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A Toy for All Ages

After my grandfather died, my grandmother was ready to get rid of a lot of the “stuff” the family had accumulated in the 65 years they’d lived in the house on Abbott road.  I would visit my grandmother and she’d tell me to “Pick something and take.  Find something you like and take it with you.  It’s all going to go eventually, so take something you want.”  It made me uncomfortable. I didn’t know what was fair.  But Grandma really wanted to take something.

ballbearingtoyI thought about it.  It didn’t take long to think of the toy.  It’s a small, clear, plastic cube, a few inches on each side, with a ton of small metal balls inside.  The inside of the cube has a bunch of interlocking “steps” of clear plastic.  You flip the cube over, and the balls loudly cascade down the steps.  

I decided I could take the toy with a clear conscience.  It was cheap – I wasn’t laying claim to anything huge.  And if someone else wanted it, it was easy enough to hand off.  The toy has been sitting on my coffee table since then.

ellen-dan-christmas-72Fast forward to present day: Aunt Mary scanned some old pictures and forwarded them to the family.  Check out Aunt Ellen’s hair from Christmas of ’72.  Spectacular, isn’t it?  It’s like an alien spaceship landed on her head for an extended visit.

 I’m the baby in the picture; I’m almost 9 months old.  Once I got over the spectacle of the beehive, my gaze drifted to the toy that so clearly has my attention back in 1972.  My jaw dropped.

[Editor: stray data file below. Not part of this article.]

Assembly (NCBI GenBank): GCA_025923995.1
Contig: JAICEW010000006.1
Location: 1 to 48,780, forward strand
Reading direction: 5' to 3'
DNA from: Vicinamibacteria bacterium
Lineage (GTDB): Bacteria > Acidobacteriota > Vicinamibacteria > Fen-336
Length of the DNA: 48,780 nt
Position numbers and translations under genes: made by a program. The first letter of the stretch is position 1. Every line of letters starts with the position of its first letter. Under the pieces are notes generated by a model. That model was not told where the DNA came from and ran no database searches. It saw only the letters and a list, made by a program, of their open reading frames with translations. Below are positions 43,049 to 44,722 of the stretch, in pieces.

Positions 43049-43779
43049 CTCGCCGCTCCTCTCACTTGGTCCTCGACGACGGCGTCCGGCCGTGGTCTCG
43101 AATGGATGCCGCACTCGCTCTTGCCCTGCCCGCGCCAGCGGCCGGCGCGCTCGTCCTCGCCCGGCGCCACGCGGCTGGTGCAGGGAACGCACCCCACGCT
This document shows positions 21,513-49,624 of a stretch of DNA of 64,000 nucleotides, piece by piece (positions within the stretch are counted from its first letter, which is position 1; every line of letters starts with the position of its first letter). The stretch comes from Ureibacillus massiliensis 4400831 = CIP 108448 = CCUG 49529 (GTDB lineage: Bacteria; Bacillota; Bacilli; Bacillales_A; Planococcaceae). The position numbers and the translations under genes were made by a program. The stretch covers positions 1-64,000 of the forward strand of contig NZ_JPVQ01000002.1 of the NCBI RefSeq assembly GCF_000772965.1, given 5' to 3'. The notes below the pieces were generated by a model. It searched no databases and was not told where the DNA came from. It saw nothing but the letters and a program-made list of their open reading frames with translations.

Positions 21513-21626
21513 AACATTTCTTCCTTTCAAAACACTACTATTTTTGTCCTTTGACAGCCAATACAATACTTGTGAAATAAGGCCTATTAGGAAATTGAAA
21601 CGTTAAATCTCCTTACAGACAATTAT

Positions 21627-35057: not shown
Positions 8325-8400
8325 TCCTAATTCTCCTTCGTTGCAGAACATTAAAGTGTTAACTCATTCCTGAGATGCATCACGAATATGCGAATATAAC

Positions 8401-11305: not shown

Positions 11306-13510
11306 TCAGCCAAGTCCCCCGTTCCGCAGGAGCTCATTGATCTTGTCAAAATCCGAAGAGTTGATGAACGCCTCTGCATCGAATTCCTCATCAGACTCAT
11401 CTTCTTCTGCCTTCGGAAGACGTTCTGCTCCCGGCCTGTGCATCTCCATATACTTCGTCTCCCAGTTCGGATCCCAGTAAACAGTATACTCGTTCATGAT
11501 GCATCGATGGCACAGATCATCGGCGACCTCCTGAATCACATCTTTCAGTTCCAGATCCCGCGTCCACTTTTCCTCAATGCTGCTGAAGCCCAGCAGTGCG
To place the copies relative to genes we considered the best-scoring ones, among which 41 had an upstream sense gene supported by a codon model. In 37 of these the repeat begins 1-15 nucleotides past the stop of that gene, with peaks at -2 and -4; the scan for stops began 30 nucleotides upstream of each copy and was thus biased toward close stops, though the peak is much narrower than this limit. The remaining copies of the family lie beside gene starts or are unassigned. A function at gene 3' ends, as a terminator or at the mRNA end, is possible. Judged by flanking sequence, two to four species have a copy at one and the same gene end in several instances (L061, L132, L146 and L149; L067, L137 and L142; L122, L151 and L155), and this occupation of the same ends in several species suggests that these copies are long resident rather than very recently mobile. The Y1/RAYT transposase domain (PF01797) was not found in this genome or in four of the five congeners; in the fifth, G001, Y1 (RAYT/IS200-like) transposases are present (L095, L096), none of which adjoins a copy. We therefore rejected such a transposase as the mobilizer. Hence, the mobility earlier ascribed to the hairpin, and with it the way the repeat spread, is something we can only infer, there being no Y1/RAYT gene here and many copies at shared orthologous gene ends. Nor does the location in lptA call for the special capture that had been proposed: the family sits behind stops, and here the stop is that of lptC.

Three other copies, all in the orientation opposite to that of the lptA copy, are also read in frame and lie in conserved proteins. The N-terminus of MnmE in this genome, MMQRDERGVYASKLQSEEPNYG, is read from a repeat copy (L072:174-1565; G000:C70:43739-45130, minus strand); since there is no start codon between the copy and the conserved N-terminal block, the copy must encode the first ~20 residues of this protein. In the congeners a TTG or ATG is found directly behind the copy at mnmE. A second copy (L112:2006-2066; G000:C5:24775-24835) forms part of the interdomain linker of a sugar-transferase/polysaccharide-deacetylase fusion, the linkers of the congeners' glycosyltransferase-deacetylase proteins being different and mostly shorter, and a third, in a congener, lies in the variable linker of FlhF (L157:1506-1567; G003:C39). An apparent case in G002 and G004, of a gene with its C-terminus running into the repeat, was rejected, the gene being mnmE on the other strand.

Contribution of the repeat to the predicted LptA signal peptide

There’s the cube.  I’m a few months old, and I’m playing with the cube.  Thirty-five years later, Grandma asked me to pick something, and the one thing I asked for was the cube I’d played with as a baby.

It makes me wonder about brain development and memory.  It’s just a simple plastic cube, but it’s captured my attention for decades.  Do I still like it because I have associated good memories somewhere?  Or am I hardwired to enjoy bouncing ball-bearings?


Comment from rox
Time: March 29, 2009, 11:40 am

Something similar happened to me when my grandmother died. We were all asked to pick something from her home. I lived far away so I told my mother that I wanted the picture that I had given my grandmother the past Christmas and also if no one else wanted it I wanted her goose neck rocker. The goose neck rocker had always meant grandma’s house to me. My mother told me if anyone should get the goose neck rocker it should be me. I asked her what she meant. Turns out my grandmother had bought the goose neck rocker for my mother when I was born for her to rock me in. My grandmother loved the chair so much that once I was older my mother gave it back to my grandmother. I was in my early 30s and had never heard that story.

Comment from Darienne
Time: March 31, 2009, 2:22 am

Great story, great post. Funny the things that hold so much meaning at Grandma & Grandpa’s house.

As for the hair: How did they do that?!

Comment from Leila
Time: May 14, 2009, 1:23 pm

I love that you found The One Toy!

Your cousins, however, are going to kill you.


Aunt Leila 🙂